What to Know When It’s Time to Transport Your Boat

Are you wanting to transport your boat to a different location? It’s important to realize that shipping a boat is a bit different than shipping a car.  There are a few considerations that make boat-transporting unique, in its own right; and receiving bids from reliable boat transporters is vital.  Professional boat-transport companies provide drivers who have experience working with DOT, permit agencies, marinas, boat yards and ports.  These professionals in boat hauling and yacht transporting are well versed on how a boat must be supported, balanced, stabilized and secured.

Boat transporters will need boat measurements which should be precise, in order to ensure the safest transport as well as eliminate costly fees.  Providing accurate boat height, for example, is crucial to make sure no bridge or utility obstructions become an issue.  You will want to receive a quote from a reliable boat transporter that includes not only the shipping, but licenses and permits, as well.

To make the transport even more seamless, be sure to provide photos of your boat to the transporter in addition to any special requirements; and begin the shipping process a minimum of one month before the actual ship date.  You will, also, want to confirm pick-up and drop-off dates a minimum of two weeks, in advance.

Here are a few pointers to keep in mind if transporting your boat is on the horizon.  Though not exhaustive, this list will cover much of what needs to be done:

 

Boat Preparation

Preparing your boat for transport includes steps that may seem like no-brainers, but they can be easily overlooked.  Basic, yet vital, steps include:

  • Have your boat fully prepared a couple days ahead of pick-up in case circumstances dictate that the boat carrier must arrive a bit earlier than expected.
  • Secure all loose or movable items (including anchors from the deck) and remove all valuable stowed items such as watches, other jewelry items, etc., as well as other personal items including clothing, personal electronics – anything that is not specifically boat-related.
  • Remove all flammable materials and liquids including emergency flares, extra fuel etc.
  • Make a list of any current imperfections you boat may have such as scratches, dents or tears.  Take photos –  including the date the photos were taken – to verify the degree of any pre-existing flaws.
  • Take a further step and have your boat inspected by a licensed marine surveyor.
  • Select a boat yard to perform the preparation of your boat if you choose not to perform this task.
  • Secure/tie down all latches, cabinet doors, and windows.  Hatches can be sealed with tape to prevent damage from wind-driven water.
  • Drain fuel and water tanks.  Contact your carrier to determine if keeping water containers partially full is what is preferred, by them.  Remove drain plugs from the hull.
  • Drain water from pumps, AC units, water systems, etc. during cold weather.
  • Disconnect batteries; and make sure cables are secured.
  • Remove items such as radars, antennas, some bowsprits, bimini’s and dive boards to reduce your overall shipping dimensions.
  • Remove all canvas covers since they can come loose during transport.  Also, shrink-wrap is not recommended since it can, easily, detach and fly off during transit.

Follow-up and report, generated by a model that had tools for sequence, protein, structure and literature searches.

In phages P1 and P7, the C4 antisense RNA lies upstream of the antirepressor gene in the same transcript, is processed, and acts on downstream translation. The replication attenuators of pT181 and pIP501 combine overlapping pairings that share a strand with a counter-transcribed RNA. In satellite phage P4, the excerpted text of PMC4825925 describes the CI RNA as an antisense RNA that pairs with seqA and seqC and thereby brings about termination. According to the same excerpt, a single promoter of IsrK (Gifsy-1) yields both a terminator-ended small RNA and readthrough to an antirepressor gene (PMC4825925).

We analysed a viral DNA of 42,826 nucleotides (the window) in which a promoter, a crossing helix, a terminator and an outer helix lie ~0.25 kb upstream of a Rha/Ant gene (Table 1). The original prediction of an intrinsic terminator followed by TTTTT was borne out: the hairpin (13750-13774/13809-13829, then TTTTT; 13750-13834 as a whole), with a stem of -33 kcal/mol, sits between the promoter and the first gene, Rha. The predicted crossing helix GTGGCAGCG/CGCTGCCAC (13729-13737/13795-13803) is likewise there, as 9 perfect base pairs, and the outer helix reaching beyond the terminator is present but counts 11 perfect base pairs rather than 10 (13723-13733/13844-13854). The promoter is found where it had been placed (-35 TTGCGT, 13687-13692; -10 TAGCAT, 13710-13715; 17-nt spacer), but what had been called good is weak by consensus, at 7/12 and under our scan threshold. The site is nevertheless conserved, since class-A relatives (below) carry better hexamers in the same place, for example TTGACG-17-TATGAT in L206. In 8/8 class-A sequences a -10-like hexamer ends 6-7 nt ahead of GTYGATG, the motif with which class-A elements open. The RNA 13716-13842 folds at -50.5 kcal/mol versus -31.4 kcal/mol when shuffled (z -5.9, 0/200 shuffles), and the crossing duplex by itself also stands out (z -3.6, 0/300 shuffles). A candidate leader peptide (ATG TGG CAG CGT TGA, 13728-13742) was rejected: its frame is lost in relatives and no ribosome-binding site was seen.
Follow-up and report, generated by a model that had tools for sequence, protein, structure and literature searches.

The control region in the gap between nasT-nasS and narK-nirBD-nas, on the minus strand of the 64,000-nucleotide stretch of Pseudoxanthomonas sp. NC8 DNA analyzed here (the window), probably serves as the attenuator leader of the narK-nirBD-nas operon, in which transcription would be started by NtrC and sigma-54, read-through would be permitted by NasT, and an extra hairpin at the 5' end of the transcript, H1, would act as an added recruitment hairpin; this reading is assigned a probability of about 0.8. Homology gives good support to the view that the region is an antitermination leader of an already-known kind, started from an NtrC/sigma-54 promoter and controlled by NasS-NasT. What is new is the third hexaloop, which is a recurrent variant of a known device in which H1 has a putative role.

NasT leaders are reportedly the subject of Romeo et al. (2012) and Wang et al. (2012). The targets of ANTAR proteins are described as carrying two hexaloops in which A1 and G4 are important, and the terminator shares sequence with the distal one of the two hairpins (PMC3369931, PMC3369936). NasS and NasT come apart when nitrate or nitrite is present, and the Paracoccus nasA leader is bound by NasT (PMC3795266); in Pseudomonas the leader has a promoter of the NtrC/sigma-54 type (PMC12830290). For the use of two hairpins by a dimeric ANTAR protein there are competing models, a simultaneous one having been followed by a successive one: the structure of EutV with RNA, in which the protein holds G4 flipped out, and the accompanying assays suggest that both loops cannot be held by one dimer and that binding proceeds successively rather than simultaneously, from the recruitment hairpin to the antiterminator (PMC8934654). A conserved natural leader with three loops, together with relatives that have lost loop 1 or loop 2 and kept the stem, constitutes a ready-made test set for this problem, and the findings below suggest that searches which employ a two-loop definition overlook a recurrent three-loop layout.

• Check for Zebra Mussels in any possible areas of attachment.  If this type of organism is discovered by DOT officials, your boat will be seized until the problem can be rectified.  Zebra mussels  damage boat hulls and motors and can clog cooling systems.  These unwelcome visitors can be found on hard surfaces made of fiberglass, aluminum, wood and steel and can be carried to new water bodies when still attached to boat parts.

It’s important to realize that a boat transporter is not legally liable for damages or delays incurred during transport if a boat has not been properly or fully prepared.  Also, to guarantee that boat-preparation measures are thorough, a full-service marina, boatyard, Captain or Marine Surveyor can help to make sure no stone is left unturned regarding preparation.

 

Boat Insurance

It is absolutely vital your boat is completely insured before you allow your chosen transporter to take possession.  The transporter will provide its own insurance for your boat; but it may be minimal coverage making it even more vital that you review the policy, in detail, before your boat leaves your property.  Regardless of the condition of your boat – whether pristine or otherwise – take photos before your boat leaves your property since those photos would verify that any new scratches or dents were incurred, en-route, while in the hands of the transporter.   Also, take an additional step and verify the transporter’s coverage, via, the DOT’s SAFER System.  To be even more proactive, take out your own boat-insurance policy to maximize coverage.  Your hired carrier will provide an assessment of the condition of your boat and will provide you with a copy of a ‘Condition Report’ – read it, carefully, and make sure it is accurate.

Having the right insight will ensure your boat’s transport is as seamless and hassle-free, as possible.  Whether adequately preparing your boat, selecting a reputable boat transporter or making sure your boat is maximally insured, it’s all about peace of mind knowing your water-craft will arrive at its destination, protected and safe and sound.